As farmers prepare to work through this year's corn harvest, Hurricane Irene and last weekend’s tropical storm were the latest in a number of weather-related challenges that have impacted corn acreage, yield and growing conditions across the United States. This has definitely been a year to test the American farmer’s resilience, reports the National Corn Growers Association.
"We had delayed planting and flooding in the upper Midwest, we lost acreage to floods along the Mississippi River and we saw our crops fade in scorching drought in Texas well before the hurricane came along," says Garry Niemeyer, NCGA’s first vice president and an Illinois farmer. He points to conversations with peers at the recent Farm Progress Show in Decatur. “I heard from many of my peers across the Corn Belt about what's going on in their fields and their expectations come harvest, and we saw first-hand some of the problems of a very hot year in important areas of the Corn Belt,” he notes. “Our heart goes out to those who lost all or some of their crops this year."
As USDA reported in this week’s crop progress report, 52 percent of the corn crop in the top 18 states is rated good or excellent. That compares to 69 percent at this time last year. It’s also down two 2 percent from the previous week. While there are some bright spots, some states have suffered. In Texas, only 10 percent of the crop is rated good or excellent, with 68 percent rated poor or very poor.
But, concerns about corn supply are only part of the reason why corn prices and, more broadly, commodity futures overall are high, Niemeyer says.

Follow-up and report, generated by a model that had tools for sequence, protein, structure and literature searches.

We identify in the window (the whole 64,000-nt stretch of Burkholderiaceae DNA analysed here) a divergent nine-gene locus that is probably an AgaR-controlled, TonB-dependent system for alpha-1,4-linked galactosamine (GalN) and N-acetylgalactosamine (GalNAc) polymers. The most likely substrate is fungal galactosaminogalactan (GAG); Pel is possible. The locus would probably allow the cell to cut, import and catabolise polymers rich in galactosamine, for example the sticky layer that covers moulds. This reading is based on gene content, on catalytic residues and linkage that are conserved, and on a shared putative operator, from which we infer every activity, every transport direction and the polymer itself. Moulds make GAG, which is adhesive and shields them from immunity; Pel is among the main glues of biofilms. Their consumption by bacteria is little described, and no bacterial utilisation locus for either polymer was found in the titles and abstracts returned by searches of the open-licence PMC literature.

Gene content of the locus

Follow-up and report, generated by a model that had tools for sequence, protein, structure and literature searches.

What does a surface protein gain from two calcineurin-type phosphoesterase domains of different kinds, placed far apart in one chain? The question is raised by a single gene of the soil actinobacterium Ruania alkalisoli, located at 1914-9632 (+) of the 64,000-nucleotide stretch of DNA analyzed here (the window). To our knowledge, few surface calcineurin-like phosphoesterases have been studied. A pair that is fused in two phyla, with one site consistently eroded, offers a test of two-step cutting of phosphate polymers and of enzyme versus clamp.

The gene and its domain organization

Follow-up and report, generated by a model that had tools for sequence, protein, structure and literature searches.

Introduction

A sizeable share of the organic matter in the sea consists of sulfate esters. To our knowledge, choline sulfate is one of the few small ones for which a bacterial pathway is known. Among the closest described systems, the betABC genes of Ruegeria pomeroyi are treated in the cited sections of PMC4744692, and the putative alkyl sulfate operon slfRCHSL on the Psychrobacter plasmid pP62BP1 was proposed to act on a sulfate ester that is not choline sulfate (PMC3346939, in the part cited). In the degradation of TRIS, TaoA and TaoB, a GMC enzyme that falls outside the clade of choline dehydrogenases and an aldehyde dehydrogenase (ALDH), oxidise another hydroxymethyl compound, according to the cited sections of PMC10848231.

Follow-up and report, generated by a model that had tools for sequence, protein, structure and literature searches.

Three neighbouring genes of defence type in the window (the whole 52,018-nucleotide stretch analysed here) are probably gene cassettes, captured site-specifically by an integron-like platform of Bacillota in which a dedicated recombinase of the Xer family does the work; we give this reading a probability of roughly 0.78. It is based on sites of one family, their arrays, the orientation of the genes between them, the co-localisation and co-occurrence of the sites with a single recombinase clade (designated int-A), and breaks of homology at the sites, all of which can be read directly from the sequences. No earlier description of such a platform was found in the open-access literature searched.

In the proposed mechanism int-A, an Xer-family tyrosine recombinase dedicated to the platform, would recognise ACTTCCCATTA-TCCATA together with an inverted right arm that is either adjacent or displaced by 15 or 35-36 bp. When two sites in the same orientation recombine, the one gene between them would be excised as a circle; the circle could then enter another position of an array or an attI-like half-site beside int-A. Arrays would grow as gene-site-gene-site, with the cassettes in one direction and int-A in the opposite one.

"In addition to market fundamentals, we're continuing to see the impact of using the commodity markets as an investment vehicle. This is driving up commodity markets and leading to higher energy prices," he adds. "Just as our customers are paying more for the corn we grow, we are paying higher prices for land and all of our inputs, such as fuel, nutrients and crop protection."
Next Monday, Sept. 12, USDA will provide its monthly World Agricultural Supply and Demand Estimate, and time will tell if we ultimately see a 2011 corn crop now estimated at nearly 13 billion bushels, the third largest ever, Niemeyer notes. Market analysts are betting that won’t happen as recent yield estimates are running between 147 bushels per acre to a generous 151, and the bias is toward the mid-140-bushel camp. There’s also the issue of continuous acreage erosion, so the final number of harvested acres is sure to be less than the 91 million that USDA predicted early on in the season.
What ultimately happens to the 2011 crop also shows the need for a sound farm policy, which is why the discussions about the 2012 Farm Bill are so very important right now, NCGA contends.
"This is a year that drives home the need for crop insurance and risk-management tools necessary for our country to provide critical assistance to farmers when they face crop losses due to adverse weather conditions, crop disease or volatile markets," Niemeyer says.
The budget rhetoric suggests that everything will be brought to the table. Again, those with a gambling nature are inclined to bet on crop insurance as being the future crop safety net, while direct farm payments are likely to go away.
"We're looking forward to a farm bill that delivers aid to farmers when they need it in a way that is faster, simpler and smarter," he adds.